In Western Maine we are having a vigorous debate about State of Maine railroad investments. This is similar to last summer’s debate about the state road maintenance budget.

These fights highlight the condition of Maine’s infrastructure. Roads, bridges, rail and airports are critical; we get to work using transportation infrastructure and that is how our products are distributed.

Maine has under-invested in infrastructure for years. The transportation, warehousing, and distribution industries are critical components of the Maine and Western Maine economies.

We must invest in these strategic assets. Highway and bridge repair needs outstrip revenues by at least $2.4 billion over the next 10 years. This funding gap is beyond the existing Maine Department of Transportation responsibilities, which cost $505 million in 2009.

Maine has one of the lowest levels of freight rail shipping in the nation, despite Maine industries like farming, forestry and paper production.

Current revenue is insufficient. The federal highway funding formula grants Maine a similar amount as New Hampshire, a state with a similar population. Unfortunately, Maine’s transportation network is twice as large.

The support of the federal delegation is critical, as we saw from Tuesday’s announcement by Congressman Mike Michaud of a $500,000 investment in the Auburn-Lewiston Municipal Airport. The congressman’s Transportation Committee seat and Senator Susan Collins’ Appropriations Committee seat are very important to Western Maine rail opportunities.

State transportation revenues come largely from gas tax and bond proceeds. From each gallon of gasoline sold, 29 cents is used to maintain state roads, local roads and the Maine State Police. However, as technological improvements and public policy combine for better fuel efficiency, gas tax revenues are less each year than the year before.

Bond money has been the funding source for rail investment. How has Western Maine fared?

Between 2003 and 2006, the state spent $2.46 million to purchase Lewiston land for rail traffic between Lewiston and Brunswick. That investment lays the groundwork for passenger and freight service to Brunswick, and further to Bath Iron Works.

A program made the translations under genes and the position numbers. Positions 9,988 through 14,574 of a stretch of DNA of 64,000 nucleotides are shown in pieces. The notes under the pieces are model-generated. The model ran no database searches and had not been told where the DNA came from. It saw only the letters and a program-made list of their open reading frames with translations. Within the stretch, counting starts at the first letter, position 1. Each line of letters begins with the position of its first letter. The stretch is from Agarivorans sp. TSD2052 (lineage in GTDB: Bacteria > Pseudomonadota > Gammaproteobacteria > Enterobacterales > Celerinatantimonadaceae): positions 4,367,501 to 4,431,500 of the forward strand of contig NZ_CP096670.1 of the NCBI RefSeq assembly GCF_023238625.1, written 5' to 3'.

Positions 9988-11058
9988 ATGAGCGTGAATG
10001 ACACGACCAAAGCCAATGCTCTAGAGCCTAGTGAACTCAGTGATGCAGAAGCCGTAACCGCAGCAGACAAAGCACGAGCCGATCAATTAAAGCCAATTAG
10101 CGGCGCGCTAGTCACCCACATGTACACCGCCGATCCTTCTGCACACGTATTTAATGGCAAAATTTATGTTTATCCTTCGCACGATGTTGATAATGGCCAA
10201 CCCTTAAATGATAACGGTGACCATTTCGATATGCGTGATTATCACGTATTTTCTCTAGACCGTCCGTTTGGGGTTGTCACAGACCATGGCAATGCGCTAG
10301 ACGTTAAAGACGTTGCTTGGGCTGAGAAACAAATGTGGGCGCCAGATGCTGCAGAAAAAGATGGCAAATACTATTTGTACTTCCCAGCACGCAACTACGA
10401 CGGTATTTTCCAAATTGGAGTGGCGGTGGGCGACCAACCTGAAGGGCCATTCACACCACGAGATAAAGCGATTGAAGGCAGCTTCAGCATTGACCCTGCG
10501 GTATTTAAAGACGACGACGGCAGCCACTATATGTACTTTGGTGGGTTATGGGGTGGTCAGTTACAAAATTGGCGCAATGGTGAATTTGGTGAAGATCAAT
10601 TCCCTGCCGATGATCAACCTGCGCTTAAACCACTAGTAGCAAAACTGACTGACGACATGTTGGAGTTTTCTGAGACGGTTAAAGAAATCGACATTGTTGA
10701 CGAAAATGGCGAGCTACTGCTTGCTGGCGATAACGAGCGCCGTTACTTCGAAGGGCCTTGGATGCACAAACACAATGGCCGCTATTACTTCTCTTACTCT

Since 2006, Maine has invested $8,160,172 in the Port of Auburn (28 percent of statewide rail investment during that period). That investment spurred private investment in Lewiston, Auburn, Lisbon and Poland.

The distribution industry has grown significantly with the construction or expansion of Bison Transportation, the Wal-Mart Distribution Center, FedEx, UPS, Irving, Midstream Propane, Lynch Logistics, Safe Handling and others

The current debate about rail comes from two sources. The first Maine rail plan is being drafted; it will combine data and public comment, and set priorities for the next 10 years.

Additionally, last February, Maine DOT applied for $204 million in stimulus grants. Western Maine was not included because our “shovel-ready” projects were under $20 million (the threshold for stimulus funding). For many of us, this underscores the need for a state rail plan.

In my opinion, Maine should spend public money on rail projects that will 1) create and retain jobs, 2) create economic growth, 3) leverage existing resources, and 4) lower energy use.

The Lewiston-Auburn legislative delegation is working with municipal leaders, civic leaders and citizens toward four goals: to increase freight traffic at the Port of Auburn, Maine’s largest container port; to begin passenger service between Portland and Lewiston-Auburn, connecting Maine’s two largest cities; to begin light rail service between Lewiston and Bath-Brunswick; and to begin passenger service and increase freight traffic along the Auburn-Bethel-Montreal corridor.

The Auburn-Bethel-Montreal corridor is perhaps Maine’s biggest economic development opportunity. It will open tourist and freight rail access to Western Maine from Boston and Montreal.

What happens next?

Rep. Peggy Rotundo, Sens. Deborah Simpson and Margaret Craven, and I sought a meeting with Gov. John Baldacci last week. At that meeting, he underscored his commitment to an Auburn-Bethel-Montreal corridor.

Additionally, Portland-Auburn passenger service is Gov. Baldacci’s priority after the Portland-Brunswick line. For better or for worse, the Portland-Brunswick line has been Maine’s stated policy goal for nine years. Once completed, about half of the track improvements needed for Portland-Auburn passenger service will be done.

MDOT Commissioner David Cole has promised to return to Lewiston-Auburn in January with a strategy for passenger service to Auburn and how to best compete for federal funding.

Finally, it is CRITICAL that the public comment on the state rail plan. Comment online at: Comments submitted there will be part of the record and the raw material for the state rail plan.

Rep. Mike Carey represents downtown Lewiston on the Transportation Committee and in the House of Representatives.

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